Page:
A Brief Discussion on the Immigration in Yunnan in Qing Dynasty and Some Impacts of Such an Immigration (2013)

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Annotation:::: The paper focuses on the studies of ethnology as well as border history and geography, and discusses migration and its impact in Yunnan province during the Qing dynasty. The paper begins by briefly describing Yunnan’s geography as a remote mountainous province with less cultivated land, and also its migration history. The mountainous area accounts for over 90% of Yunnan’s total area. The population of Yunnan decreased to less than 2 million people in the 18th year of Shunzhi regime of the Qing dynasty as a result of several wars in the period between late Ming dynasty and early Qing dynasty. But by the 30th year of Daoguang regime of the Qing dynasty, or 1850 AD, the population of Yunnan had increased to 10 million people. Besides the policy of “recruiting civilians to open up waste land” by the central government for developing Yunnan and strengthening its rule over border areas, another factor that contributed to population increase was the spontaneous migration of numerous inland unemployed people into Yunnan. They entered dense forests in deep mountain areas and engaged in mineral extraction for a living. As a result, migrants related to the mining industry, commercial business, and agricultural development became the main composition of Yunnan’s mountain migrants.The paper uses the method of documental study to analyse this background, and finds that the migration of inland people initiated their integration with ethnic minorities, especially those living in primitive forests. Migration of inland people promoted socioeconomic development in Yunnan mountain areas as the long road network for transporting minerals mostly passed through inaccessible and remote border areas. Those miners, businesspeople, transport operators and craftspeople constituted Yunnan’s mountain migrants at that time. These migrants inevitably came into friendly contact and communication with ethnic minorities living in remote and thickly-forested mountains, and developed mutually beneficial relationships as a way to make up for what the other lacked. Through the process of these interactions, the migrants brought advanced production technology, production tools, better crop varieties, and Confucian culture of the inland to ethnic minorities in the mountain border areas. Thus, this process promoted economic and social development and great ethnic integration in the mountain areas of Yunnan.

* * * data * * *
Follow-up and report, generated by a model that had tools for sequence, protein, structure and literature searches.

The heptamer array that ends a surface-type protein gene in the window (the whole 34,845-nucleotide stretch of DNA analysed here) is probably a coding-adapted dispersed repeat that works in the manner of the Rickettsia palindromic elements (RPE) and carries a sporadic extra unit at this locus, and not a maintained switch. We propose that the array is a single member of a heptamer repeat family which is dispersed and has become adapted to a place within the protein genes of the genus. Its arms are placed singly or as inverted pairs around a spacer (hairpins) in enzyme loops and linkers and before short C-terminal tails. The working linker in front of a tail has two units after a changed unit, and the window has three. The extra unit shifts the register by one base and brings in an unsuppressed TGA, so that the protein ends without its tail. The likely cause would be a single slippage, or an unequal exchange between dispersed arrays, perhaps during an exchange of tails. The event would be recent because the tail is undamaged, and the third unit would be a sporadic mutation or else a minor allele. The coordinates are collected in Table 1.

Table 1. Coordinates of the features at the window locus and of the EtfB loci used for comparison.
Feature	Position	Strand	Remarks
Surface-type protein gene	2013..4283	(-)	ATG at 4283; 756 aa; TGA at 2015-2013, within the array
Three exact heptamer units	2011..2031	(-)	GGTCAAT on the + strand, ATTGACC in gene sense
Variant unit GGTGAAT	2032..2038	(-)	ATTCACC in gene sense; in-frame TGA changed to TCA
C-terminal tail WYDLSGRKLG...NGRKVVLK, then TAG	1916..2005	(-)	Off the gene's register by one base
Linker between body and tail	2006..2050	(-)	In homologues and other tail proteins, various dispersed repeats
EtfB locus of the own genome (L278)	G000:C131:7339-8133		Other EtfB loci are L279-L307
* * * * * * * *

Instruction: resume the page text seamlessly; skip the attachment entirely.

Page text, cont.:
Year: 2013
Language: Chinese
In: Business (Semimonthly)(3), 229-?. p.

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Note: This record is a part of annotated bibliography of Migration Literature of the Mountain Areas of China (including women and migration), with Special Focus on Yunnan (2000-2013) at http://lib.icimod.org/record/30240

 

 Record created 2015-06-26, last modified 2015-06-30